Wednesday, 24 December 2008

[107] Amiga Memories

After reading a post on the Guardian Technology Blog about Christmas Gaming Memories, I decided to resurrect this post, first attempted some time over the summer, during my trawling through my parents' house. It is about the Amiga, which I received one Christmas morning 16 years ago. I was 6. Due to the unconventional genesis of this post, the perspective and chronology are a bit kinky, but I'm sure it still communicates.

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Recently I've been searching through my parents' garage and loft. I've found comics, magazines, crap and tat. On the gaming front, however, I found my Amiga 500+.

Even though I did have a NES and a Mega Drive in the 80s, in 1991-1992, my father traded in those consoles and bought an Amiga (I wouldn't get another console until 1997-1998, with the PSX / N64). The Amiga is one of those platforms which is not as storied as the Sega / Nintendo / Sony consoles, but it was home to many groundbreaking and important games (which were often ported to more popular platforms afterwards). As I pretty much missed out on some of the best games of the 16-bit generation (we had already moved on from the Mega Drive before Sonic 2 had been released), my gaming nostalgia is mostly made up of Amiga titles. Here are a few that I found today, which in my opinion deserve recognition as some of the best games of all time (perhaps).




Another World, and its spiritual successor Flashback, were two fantastic games created by the French development studio Delphine Software. Both were created initially for the Amiga, before being ported to such platforms as MSDOS, SNES and Mega Drive.

It is funny, as just the other day I was browsing in the Zavvi sale, and found the 15th Anniversary edition of Another World (official site here), boasting high-definition remastering and other goodies. I tried playing through this game again, on an emulator, a few months ago. And while I think the gameplay itself is outdated (too much emphasis on trial and error and illogical developer-centric puzzle-solutions), I am still astounded by its rotoscoped animation, and beautiful artwork. Recently, gaming icon Hideo Kojima said that Another World was one of the 5 games that mattered most to him.

I don't think that The Secret of Monkey Island and Indiana Jones and The Last Crusade: The Graphic Adventure require much in the way of introduction. They are both classics of the Lucasarts SCUMM point-and-click school, released in 1989-1990. Again, like Another World, the outmoded gameplay is savaged by some contemporary game critics, because it is very restricted, and the game logic is usually defined by the specific, often irrational whims of the designer. This is certainly true in Monkey Island, which develops along wonderfully amusing and surreal lines. The scripts in these games are funny and sharp, however, and the focus on storytelling make the Lucasarts library, and others in the style, still worth a play-through today.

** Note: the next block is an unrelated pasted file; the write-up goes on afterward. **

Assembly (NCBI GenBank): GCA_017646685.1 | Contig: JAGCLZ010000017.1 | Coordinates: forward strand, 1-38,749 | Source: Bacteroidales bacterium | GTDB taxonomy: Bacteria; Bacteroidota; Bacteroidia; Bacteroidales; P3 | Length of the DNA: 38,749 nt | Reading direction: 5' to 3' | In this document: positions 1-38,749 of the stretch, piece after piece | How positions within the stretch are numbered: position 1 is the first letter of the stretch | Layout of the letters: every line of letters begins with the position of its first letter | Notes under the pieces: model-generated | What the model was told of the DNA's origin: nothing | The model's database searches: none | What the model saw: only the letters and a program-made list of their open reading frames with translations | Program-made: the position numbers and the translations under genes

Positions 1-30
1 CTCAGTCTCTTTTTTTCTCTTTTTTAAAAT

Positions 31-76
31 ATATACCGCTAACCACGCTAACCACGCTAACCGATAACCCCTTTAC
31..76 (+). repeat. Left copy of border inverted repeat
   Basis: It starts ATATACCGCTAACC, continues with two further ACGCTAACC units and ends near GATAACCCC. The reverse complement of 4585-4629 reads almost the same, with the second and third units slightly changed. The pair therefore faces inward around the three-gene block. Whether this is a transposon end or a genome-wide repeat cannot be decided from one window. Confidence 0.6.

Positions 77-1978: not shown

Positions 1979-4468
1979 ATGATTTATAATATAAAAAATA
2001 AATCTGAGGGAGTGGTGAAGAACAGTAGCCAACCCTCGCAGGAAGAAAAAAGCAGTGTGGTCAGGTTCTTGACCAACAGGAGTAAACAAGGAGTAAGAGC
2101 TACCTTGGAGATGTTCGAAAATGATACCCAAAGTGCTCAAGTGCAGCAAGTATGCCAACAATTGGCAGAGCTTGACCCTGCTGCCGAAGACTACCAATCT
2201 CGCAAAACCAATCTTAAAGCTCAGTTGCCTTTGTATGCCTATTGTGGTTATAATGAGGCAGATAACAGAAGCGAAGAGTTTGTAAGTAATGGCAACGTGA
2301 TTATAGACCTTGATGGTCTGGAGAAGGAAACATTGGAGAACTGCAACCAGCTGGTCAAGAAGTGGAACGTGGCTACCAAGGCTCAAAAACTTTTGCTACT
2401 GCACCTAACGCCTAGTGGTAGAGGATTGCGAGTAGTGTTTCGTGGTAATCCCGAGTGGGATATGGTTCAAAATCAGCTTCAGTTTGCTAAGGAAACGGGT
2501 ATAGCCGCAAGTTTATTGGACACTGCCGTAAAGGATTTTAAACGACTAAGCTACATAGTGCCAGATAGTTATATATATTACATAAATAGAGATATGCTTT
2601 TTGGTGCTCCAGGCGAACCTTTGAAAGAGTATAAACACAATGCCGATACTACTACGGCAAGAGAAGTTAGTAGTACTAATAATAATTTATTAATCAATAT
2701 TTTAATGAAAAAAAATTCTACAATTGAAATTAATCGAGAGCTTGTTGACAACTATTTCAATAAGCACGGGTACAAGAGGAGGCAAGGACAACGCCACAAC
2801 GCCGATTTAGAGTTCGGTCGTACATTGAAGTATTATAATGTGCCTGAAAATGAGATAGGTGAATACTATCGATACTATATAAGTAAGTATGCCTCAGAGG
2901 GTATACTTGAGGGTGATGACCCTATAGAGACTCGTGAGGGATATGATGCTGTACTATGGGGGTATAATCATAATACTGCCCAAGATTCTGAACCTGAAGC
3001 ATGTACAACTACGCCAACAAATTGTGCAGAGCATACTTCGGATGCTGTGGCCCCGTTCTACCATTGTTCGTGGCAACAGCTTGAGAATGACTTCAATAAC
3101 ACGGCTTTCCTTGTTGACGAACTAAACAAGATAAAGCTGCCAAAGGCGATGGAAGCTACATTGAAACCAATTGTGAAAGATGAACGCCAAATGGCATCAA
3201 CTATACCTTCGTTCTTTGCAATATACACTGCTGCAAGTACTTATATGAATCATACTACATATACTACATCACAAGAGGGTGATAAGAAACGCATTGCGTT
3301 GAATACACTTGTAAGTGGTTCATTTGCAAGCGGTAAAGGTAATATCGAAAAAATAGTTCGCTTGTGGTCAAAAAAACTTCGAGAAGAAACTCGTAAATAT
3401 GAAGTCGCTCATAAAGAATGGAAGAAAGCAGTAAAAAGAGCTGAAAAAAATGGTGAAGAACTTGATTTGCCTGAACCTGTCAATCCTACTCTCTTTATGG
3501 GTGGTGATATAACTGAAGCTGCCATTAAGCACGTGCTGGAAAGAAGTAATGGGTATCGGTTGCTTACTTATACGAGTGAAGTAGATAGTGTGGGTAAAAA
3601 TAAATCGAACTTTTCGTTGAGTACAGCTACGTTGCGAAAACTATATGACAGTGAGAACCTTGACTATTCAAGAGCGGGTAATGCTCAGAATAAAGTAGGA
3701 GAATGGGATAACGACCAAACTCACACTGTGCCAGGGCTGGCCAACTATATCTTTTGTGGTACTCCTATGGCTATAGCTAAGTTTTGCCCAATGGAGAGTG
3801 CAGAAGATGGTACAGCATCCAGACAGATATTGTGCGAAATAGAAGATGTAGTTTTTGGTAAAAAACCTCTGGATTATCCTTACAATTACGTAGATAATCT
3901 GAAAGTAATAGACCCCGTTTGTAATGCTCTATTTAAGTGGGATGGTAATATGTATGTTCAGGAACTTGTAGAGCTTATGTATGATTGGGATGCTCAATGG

One beautiful aspect of these games was the effort put into the manual and other packaging material that came in the game box. For Indiana Jones and the Last Crusade, for example, they reproduced a slimmed-down version of Dr. Jones Sr.'s 'Grail Diary', with original entries and artwork.







Mega Lo Mania, also known as Tyrants, is an action-strategy God game, developed by Amiga behemoths Sensible Software. I bought this game again, years later, for the Mega Drive (when I started collecting games again). It is a charismatic, quick-paced game, more about building up forces and tech instead of resource gathering and tactics. It is built around 'epochs', where the architecture and technology leap forward at certain points, giving one player an edge over the others. Again, probably quite dated, especially in light of the advances made by the Warcraft, Dune and Command and Conquer series, but an interesting curio nonetheless.

To finish up, one of the games of the early 1990s. Street Fighter II. A horrible port by anyone's standards, reducing the controls to (in my case) joystick-and-two-buttons, making any special moves particularly hard to pull off (and also explaining why I'm not as good at SFII on SNES or Arcade as I'd like to be). However, at 6 years old, I didn't really care about ports, framerate issues, and arcade-to-console conversions. I just liked playing as Guile. My dad apparently moved mountains to get hold of it, back in the day when you had to mail order this kind of stuff, and it came in a trendy little bag, which, to my surprise, is still intact.





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1 comment:

Decider said...

You have 2 of my favorite games of all times: Another World and Monkey Island. Being Another World my favorite game of all times, and man...i have played a lot of them. I find it so satisfying that Another World is one of the most influentlial games to Kojima and also to Fumito Ueda, creator of Ico and Shadow of the Colossus, because this way i know that im on the right track...i also take this games games as one of the finest forms of game design and development. Of course the gameplay is dates, but hell, its 18 years old.But the game design and concept are so much ahead of its time, its mind blowing. Games nowadays try to achvieve the gaming experinence Another World ofered in 1991...and that is so much to be said about that game. To me, Eric Chahi is like Davinci to videogames. Thanks for sharing your memories mate. Cheers